In the U.S., the International Council of Shopping Centers, a trade group of shopping centers representing about one third of retail space globally, said the U.S. government's Department of Homeland Security is reaching out to corporate security at all malls.
At the same time, the group said some of the malls in the U.S. and South Africa are beefing up private security personnel, while others are bringing in more off duty police officers. Mall of America, the biggest U.S. mall, added extra uniformed security officers and stepped up other measures, but officials at the Bloomington, Minn.-based mall declined to elaborate. "We will ... remain vigilant as we always do in similar situations," said Dan Jasper, a mall spokesman.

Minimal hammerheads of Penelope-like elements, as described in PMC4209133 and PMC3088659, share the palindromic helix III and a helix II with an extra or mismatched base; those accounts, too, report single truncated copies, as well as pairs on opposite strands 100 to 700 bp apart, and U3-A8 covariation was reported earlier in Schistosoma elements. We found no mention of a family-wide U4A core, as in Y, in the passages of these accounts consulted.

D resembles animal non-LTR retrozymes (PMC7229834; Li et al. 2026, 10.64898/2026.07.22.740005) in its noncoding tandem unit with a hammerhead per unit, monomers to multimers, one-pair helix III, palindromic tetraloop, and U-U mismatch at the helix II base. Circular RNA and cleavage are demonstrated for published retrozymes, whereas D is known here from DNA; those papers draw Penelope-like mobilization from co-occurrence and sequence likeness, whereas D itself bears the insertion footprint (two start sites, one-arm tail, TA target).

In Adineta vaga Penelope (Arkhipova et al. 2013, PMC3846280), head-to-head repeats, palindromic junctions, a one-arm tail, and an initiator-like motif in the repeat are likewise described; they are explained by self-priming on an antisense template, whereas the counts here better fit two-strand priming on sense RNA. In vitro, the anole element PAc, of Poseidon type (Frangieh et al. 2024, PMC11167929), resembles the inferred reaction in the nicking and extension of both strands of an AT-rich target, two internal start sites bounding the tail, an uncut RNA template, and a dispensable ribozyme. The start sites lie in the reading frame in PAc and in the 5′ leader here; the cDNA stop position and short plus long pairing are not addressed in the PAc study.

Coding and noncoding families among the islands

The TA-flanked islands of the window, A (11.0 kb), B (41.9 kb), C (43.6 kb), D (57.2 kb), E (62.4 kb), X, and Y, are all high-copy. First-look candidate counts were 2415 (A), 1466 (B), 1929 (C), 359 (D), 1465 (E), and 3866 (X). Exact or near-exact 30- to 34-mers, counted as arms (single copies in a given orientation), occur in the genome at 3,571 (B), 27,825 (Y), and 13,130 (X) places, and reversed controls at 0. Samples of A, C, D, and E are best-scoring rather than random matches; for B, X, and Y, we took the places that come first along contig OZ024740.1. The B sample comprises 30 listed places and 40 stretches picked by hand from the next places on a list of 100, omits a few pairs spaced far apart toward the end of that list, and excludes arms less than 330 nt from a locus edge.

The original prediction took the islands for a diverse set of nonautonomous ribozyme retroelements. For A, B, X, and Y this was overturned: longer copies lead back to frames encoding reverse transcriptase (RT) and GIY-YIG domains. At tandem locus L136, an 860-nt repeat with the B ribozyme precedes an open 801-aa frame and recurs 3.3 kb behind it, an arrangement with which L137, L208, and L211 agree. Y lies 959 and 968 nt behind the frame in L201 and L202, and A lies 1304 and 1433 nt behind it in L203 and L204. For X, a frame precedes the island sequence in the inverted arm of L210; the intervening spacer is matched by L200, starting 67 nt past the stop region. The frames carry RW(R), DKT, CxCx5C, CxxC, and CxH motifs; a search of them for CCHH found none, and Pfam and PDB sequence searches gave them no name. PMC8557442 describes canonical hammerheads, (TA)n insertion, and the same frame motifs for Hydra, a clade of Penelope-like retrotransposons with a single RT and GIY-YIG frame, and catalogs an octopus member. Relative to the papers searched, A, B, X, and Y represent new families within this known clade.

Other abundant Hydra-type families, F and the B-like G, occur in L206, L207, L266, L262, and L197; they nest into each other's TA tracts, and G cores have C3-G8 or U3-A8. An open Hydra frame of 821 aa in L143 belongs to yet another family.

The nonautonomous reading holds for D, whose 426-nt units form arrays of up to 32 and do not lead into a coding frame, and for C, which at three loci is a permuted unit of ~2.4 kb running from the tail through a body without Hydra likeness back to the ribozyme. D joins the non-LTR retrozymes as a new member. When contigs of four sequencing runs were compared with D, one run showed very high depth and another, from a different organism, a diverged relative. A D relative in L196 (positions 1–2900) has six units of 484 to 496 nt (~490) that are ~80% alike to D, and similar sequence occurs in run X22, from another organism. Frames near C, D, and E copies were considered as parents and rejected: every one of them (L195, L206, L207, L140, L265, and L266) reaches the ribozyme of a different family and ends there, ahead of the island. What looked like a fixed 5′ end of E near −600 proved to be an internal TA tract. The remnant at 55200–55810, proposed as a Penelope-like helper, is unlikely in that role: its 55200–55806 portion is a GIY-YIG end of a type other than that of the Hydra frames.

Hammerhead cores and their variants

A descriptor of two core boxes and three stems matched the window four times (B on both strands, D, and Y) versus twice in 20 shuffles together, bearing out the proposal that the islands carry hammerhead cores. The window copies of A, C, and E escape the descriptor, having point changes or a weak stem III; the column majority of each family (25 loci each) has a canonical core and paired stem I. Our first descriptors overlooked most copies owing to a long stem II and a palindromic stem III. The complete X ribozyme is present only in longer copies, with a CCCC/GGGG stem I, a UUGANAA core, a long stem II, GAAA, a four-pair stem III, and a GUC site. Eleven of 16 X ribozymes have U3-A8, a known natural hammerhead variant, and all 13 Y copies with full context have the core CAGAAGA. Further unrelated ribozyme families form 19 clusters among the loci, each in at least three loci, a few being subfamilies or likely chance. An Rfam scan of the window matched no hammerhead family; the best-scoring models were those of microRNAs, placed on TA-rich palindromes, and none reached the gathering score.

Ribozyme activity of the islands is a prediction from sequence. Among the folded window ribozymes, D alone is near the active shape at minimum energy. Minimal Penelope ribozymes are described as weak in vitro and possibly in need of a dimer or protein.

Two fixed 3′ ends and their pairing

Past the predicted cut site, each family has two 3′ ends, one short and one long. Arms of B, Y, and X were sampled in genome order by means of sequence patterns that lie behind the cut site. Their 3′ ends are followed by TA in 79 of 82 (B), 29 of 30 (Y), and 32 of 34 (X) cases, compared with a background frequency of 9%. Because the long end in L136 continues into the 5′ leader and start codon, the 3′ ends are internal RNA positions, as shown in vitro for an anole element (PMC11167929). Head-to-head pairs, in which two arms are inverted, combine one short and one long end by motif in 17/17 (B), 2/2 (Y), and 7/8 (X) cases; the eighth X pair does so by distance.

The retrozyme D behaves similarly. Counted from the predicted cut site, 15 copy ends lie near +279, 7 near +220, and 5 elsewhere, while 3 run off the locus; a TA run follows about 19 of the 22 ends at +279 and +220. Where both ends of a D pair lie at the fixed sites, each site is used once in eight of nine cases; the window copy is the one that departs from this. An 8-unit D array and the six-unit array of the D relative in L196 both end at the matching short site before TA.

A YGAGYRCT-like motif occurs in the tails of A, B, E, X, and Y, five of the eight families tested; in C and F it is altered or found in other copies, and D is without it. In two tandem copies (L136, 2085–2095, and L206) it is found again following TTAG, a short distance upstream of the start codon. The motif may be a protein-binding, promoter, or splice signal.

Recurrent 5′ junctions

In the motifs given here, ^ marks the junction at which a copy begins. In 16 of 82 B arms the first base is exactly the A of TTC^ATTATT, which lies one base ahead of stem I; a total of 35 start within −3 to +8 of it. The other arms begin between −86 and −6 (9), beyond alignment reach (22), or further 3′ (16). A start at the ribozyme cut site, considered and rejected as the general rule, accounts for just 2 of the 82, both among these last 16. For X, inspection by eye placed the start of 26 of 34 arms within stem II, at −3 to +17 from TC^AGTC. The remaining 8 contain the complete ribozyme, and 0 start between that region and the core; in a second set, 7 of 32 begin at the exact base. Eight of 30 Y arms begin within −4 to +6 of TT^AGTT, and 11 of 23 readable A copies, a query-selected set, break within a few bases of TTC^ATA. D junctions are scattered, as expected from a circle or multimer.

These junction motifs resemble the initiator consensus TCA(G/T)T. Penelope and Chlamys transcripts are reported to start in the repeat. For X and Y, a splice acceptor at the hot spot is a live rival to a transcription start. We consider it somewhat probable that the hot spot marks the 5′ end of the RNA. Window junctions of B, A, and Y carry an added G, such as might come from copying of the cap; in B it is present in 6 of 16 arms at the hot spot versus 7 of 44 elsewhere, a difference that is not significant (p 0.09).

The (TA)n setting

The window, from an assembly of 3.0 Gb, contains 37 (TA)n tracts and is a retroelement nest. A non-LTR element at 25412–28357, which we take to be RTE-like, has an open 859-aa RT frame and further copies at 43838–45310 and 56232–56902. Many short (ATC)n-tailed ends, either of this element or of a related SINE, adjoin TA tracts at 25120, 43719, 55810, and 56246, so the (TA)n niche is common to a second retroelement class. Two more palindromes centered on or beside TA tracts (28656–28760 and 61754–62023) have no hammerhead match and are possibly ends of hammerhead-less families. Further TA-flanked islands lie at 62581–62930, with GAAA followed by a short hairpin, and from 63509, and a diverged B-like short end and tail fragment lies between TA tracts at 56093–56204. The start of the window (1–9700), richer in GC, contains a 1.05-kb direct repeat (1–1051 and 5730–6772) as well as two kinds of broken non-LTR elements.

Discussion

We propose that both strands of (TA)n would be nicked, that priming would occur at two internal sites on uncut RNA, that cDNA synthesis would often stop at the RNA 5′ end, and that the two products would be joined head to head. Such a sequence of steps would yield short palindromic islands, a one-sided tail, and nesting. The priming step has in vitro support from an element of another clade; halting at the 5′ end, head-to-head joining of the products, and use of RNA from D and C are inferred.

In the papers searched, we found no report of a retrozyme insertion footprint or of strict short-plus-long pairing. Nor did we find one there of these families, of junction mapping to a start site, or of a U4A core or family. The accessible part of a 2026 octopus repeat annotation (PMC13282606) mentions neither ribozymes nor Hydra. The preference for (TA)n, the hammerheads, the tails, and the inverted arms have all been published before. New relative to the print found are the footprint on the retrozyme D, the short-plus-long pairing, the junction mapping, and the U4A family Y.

In general, U.S. malls focus on reacting to a shooting more than preventing one. Malls depend on private security personnel, most of whom don't carry guns, though they do work with local police. And while they're trained to look for suspicious behavior and report that to authorities, they're discouraged from intervening.
"Shoppers at this point perhaps don't have an appetite for extraordinary measures," said Kenneth Hamilton, executive vice president of IPC International, the largest provider of shopping center security of malls in the U.S.
Indeed, heightened security hasn't been welcomed in U.S. malls. The International Council of Shopping Centers spent $2 million to develop a terrorism training program after the Sept. 2011 terrorist attacks in the U.S. But surveys conducted by the group following the attacks show that people don't want to be subjected to metal detectors and bag searches at malls.
Jeff Wohl, 45, of Atlanta, said Tuesday that while he's horrified by the Nairobi attack, he doesn't want to go through bag checks at malls. "Any public gathering ... can become a target," he said. "But you have to live your life."